We’re sorry, something doesn't seem to be working properly.
Please try refreshing the page. If that doesn't work, please contact support so we can address the problem.
Everybody needs a cheerleader to get a kidney transplant: a qualitative study of the patient barriers and facilitators to kidney transplantation in the Southeastern United States
BMC Nephrologyvolume 17, Article number: 108 (2016)
Kidney transplantation (KTx) disparity is a significant problem in the United States, particularly in the Southeastern region. In response to this phenomenon, the Southeastern Kidney Transplant Coalition was created in 2011 to increase the KTx rate, and to reduce disparities in access to transplantation in the Southeast, by identifying and reducing barriers in the transplant process.
To determine perceived barriers and facilitators to KTx that dialysis patients in this region experience, we conducted three focus groups with 40 total patients in Georgia, North Carolina, and South Carolina.
We identified two novel themes specific to Southeastern dialysis patients that describe the major barriers and facilitators to kidney transplantation: dialysis center approaches to patient education about KTx, and dialysis center advocacy and encouragement for KTx. In addition, themes related to barriers and facilitators of KTx were evident that were previously mentioned in the literature such as age, fear, knowing other patients with good or bad experiences with KTx, distrust of the KTx process equity, financial concerns and medical barriers.
Dialysis providers are encouraged to enhance their delivery of information and active assistance to underserved patients related to KTx.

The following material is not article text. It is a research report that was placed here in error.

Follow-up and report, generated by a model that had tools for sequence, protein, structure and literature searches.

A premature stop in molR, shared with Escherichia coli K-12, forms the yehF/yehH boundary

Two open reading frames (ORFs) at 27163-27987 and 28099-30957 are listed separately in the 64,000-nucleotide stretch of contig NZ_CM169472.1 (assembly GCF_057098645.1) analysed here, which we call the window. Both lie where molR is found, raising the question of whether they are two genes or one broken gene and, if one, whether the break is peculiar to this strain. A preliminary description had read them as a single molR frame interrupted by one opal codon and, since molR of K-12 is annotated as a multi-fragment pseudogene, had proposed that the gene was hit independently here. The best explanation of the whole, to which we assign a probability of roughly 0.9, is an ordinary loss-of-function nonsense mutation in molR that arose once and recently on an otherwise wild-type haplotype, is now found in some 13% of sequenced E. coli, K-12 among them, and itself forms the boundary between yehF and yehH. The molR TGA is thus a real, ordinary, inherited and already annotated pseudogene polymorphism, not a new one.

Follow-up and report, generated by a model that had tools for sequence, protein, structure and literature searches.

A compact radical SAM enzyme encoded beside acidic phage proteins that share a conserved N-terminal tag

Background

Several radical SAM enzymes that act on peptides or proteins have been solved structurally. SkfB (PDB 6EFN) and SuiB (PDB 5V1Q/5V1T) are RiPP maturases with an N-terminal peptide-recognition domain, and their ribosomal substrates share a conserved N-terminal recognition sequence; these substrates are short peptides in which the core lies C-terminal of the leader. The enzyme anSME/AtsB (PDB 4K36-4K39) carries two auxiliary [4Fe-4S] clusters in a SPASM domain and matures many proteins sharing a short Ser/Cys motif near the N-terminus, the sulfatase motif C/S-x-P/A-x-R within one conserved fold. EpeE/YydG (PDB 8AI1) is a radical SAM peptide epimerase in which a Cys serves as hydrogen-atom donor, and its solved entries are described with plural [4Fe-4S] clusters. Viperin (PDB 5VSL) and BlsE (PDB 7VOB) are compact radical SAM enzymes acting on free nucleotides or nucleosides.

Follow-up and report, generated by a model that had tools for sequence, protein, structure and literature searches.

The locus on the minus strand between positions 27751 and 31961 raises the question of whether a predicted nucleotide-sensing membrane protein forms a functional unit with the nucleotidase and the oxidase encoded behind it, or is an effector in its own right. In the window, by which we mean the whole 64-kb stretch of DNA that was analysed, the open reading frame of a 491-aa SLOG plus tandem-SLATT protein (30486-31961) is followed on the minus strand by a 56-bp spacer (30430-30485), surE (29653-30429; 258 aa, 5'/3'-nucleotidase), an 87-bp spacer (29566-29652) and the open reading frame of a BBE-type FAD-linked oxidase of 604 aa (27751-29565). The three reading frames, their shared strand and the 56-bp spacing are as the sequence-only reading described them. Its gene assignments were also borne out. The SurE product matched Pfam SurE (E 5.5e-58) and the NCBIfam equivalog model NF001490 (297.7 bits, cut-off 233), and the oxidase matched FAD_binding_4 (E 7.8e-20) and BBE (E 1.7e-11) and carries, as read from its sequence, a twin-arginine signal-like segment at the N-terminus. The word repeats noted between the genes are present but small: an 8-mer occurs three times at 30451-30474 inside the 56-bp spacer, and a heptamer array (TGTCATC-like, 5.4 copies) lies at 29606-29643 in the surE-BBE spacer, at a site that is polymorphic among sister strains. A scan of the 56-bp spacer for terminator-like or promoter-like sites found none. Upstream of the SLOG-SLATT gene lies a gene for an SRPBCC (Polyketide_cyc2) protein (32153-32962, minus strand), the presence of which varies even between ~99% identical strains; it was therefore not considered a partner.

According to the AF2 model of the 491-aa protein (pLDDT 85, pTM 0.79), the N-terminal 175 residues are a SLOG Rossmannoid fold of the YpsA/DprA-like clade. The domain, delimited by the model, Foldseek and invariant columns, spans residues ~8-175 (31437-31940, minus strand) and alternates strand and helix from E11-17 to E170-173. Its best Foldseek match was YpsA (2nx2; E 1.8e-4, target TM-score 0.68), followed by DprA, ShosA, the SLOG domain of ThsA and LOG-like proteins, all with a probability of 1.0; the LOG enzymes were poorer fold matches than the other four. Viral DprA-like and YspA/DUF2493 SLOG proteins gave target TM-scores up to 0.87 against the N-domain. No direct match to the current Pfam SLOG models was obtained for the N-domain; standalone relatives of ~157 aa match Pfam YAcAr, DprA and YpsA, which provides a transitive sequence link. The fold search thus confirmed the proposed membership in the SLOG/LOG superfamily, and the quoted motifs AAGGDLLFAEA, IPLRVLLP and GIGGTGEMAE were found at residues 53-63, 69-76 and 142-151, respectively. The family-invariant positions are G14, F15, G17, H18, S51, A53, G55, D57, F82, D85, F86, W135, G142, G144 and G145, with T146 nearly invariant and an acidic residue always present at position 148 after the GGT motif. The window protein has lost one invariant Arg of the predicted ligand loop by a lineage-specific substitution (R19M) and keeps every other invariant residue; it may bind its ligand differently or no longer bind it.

Despite the known benefits of kidney transplantation (KTx), some patients with End Stage Renal Disease (ESRD) who are medically eligible, adequately insured, and interested in transplant struggle to get a transplant [1–4]. This is particularly the case for underserved patients, including minorities, older adults, and women [5–7]. In the Southeastern United States, kidney transplant disparity is particularly significant among African American patients who comprise 67 % of the prevalent ESRD population; yet, the KTx rate for this population is the lowest in the country [8–10]. In response to this phenomenon, in 2010 the Southeastern Kidney Transplant Coalition was created by the Southeastern Kidney Council (End Stage Renal Disease Network 6), to increase the KTx rate in this region by identifying and reducing barriers in the KTx process. This coalition is composed of more than 40 interdisciplinary members of the kidney community representing patients, dialysis companies, dialysis and KTx team members, transplant centers, organ procurement organizations, kidney patient advocacy organizations, and other stakeholders  and began work to identify KTx barriers through literature reviews, stakeholder meetings and strategic planning.